Lam said Chinese media outlets had likely received an official order to stick to Xinhua's version of events.

However, the English-language Global Times, which is state-run but not regarded as an official mouthpiece, reported that police were looking for two suspects from Xinjiang in connection with the jeep, which was described as light colored with Xinjiang plates.

Of the five people killed, three were the vehicle's driver and two passengers and the other two were tourists; a woman from the Philippines and a Chinese man.

Authorities moved quickly to tackle the blaze and clear up the scene on Monday. On Tuesday, the square was back to normal.

CNN's David McKenzie and Feng Ke in Beijing contributed to this report

ADVERTISEMENT
Part of complete coverage on
updated 8:37 AM EDT, Wed April 16, 2014
Mentions of the 1989 Tiananmen Square student protests or political reform are still censored in China.
updated 2:01 PM EDT, Sun April 13, 2014
CNN's Brian Stelter talks with CCTV correspondent Jim Spellman on how the Chinese media has covered MH370's mystery.
China's economy has bested many others in just the past 10 years.
updated 2:02 AM EDT, Fri April 11, 2014
In China, users of the "Life Black Box" website can set up final farewells to their friends in case they suddenly die.
updated 1:32 AM EDT, Fri April 11, 2014
A recent university study claims Chinese micro-blogging activity might not be as vibrant as expected.
updated 6:14 AM EDT, Thu April 10, 2014
Chinese art has been fetching some serious cash -- here's how we can elbow into the market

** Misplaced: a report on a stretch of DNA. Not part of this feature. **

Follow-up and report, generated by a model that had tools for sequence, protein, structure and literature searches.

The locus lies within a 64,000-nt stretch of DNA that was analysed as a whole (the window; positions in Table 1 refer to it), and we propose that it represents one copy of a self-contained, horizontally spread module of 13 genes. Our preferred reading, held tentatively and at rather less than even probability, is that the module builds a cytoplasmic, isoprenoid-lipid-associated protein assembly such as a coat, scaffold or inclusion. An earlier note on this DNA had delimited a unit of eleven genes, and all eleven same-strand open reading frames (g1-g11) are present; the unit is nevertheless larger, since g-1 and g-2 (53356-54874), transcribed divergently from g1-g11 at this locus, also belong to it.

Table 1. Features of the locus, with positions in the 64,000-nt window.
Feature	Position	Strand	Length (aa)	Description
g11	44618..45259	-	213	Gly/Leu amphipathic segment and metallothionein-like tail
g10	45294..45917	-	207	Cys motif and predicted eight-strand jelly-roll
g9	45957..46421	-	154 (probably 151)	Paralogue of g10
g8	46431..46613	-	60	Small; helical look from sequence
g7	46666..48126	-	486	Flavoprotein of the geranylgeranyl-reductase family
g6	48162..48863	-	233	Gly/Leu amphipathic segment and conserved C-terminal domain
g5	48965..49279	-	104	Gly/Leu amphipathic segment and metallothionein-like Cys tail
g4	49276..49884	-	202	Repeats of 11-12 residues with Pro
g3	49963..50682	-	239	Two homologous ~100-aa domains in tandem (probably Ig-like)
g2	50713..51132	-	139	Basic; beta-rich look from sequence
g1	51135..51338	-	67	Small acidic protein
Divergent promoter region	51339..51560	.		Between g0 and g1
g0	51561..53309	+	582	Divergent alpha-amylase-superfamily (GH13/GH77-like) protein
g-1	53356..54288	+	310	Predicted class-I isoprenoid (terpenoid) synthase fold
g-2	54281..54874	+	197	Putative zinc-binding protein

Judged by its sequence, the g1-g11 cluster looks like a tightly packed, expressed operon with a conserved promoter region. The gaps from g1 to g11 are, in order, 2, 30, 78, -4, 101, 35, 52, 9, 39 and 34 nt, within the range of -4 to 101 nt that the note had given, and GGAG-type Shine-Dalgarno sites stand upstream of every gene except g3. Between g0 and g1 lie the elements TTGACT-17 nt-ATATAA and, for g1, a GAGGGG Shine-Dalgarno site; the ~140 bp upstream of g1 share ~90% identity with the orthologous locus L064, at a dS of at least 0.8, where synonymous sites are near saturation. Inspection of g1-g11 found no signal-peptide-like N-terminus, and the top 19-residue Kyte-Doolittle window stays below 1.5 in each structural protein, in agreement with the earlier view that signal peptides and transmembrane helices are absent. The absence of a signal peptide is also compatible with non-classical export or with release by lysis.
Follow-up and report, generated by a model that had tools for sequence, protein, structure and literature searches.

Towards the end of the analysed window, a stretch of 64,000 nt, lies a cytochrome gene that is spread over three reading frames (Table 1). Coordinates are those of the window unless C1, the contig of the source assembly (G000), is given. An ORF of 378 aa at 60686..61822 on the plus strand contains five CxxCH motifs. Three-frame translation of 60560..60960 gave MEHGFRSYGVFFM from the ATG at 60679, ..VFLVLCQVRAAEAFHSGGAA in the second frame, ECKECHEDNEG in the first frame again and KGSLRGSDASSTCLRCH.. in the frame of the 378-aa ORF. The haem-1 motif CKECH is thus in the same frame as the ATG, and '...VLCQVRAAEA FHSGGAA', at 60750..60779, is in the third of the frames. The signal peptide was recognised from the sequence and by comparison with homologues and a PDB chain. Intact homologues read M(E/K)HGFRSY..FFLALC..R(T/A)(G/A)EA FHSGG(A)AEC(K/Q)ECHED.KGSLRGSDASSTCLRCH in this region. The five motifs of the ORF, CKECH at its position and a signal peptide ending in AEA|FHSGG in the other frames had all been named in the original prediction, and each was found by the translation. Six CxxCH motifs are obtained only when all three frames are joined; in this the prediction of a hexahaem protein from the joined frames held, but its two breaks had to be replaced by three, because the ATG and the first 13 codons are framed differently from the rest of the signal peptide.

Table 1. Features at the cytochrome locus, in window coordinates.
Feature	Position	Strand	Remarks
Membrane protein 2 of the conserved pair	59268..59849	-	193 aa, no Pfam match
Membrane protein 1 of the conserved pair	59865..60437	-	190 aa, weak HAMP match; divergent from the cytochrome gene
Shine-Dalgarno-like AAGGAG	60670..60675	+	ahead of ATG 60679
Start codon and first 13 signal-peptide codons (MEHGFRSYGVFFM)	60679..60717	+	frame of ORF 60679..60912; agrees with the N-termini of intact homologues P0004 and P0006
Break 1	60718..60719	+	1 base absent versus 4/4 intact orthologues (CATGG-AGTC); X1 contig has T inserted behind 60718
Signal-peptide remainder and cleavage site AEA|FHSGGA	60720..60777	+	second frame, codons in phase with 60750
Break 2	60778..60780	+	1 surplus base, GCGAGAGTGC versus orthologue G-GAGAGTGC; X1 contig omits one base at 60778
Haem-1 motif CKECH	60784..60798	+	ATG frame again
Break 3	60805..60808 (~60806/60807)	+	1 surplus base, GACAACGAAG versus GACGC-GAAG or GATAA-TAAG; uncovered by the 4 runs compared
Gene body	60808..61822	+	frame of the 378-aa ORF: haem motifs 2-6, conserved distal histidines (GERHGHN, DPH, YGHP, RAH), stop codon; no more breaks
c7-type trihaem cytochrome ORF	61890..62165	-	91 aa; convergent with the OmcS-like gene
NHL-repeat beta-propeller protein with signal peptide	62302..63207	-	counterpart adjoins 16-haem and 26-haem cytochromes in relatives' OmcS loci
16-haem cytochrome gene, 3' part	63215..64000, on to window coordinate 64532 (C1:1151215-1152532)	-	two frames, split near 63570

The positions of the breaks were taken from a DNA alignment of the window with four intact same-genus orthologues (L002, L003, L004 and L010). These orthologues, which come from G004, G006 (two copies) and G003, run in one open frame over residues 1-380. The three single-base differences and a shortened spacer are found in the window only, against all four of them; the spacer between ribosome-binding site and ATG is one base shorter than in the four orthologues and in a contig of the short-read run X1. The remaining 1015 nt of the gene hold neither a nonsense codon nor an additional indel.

updated 10:51 PM EDT, Wed April 9, 2014
A Shanghainese collector paid $36 million for this tiny cup decorated with chickens.
updated 2:57 AM EDT, Tue April 8, 2014
Ben Richardson on corruption in China: a veil of secrecy shrouds the links between power and wealth.
China's economy is slowing and growth in 2014 could fall short of the government's official target, according to a CNNMoney survey of economists.
updated 8:38 AM EDT, Tue April 8, 2014
U.S. Defense Secretary Chuck Hagel is the first foreigner to visit the Chinese aircraft carrier Liaoning.
updated 9:26 PM EDT, Sun April 6, 2014
If the disappearance of Malaysia Airlines Flight MH370 caused a rift in China-Malaysia relations, the two countries appear to have put it behind them.
updated 1:17 AM EDT, Fri April 4, 2014
Martin Jacques argues that in the twenty-first century, China will challenge our perception of what it is to be modern.
A new survey of university students in China shows where they most want to work. What are the dream employers for Chinese students?
updated 9:24 AM EDT, Wed April 2, 2014
What are President Xi Jinping's greatest goals as he visits the EU headquarters in Brussels?
Last year, thousands of Chinese tourists flocked to Yellowstone National Park to view the mountains, the buffalo and Old Faithful.
updated 8:38 AM EDT, Mon March 31, 2014
A senior Bloomberg News journalist quit his role earlier this month, saying the "mishandling" by his bosses of a story critical of China was behind his departure.
updated 7:55 AM EDT, Thu March 27, 2014
"The aim is to let [families of MH370 passengers] express anger while keeping them restrained," says a Chinese official.
updated 9:58 AM EDT, Thu March 27, 2014
U.S. President Barack Obama's secret weapon in China? Michelle.
updated 10:53 PM EDT, Wed March 26, 2014
Private schools that employ humanistic pedagogy for young children are becoming popular in China. A look at the factors behind the boom and potential pitfalls.
ADVERTISEMENT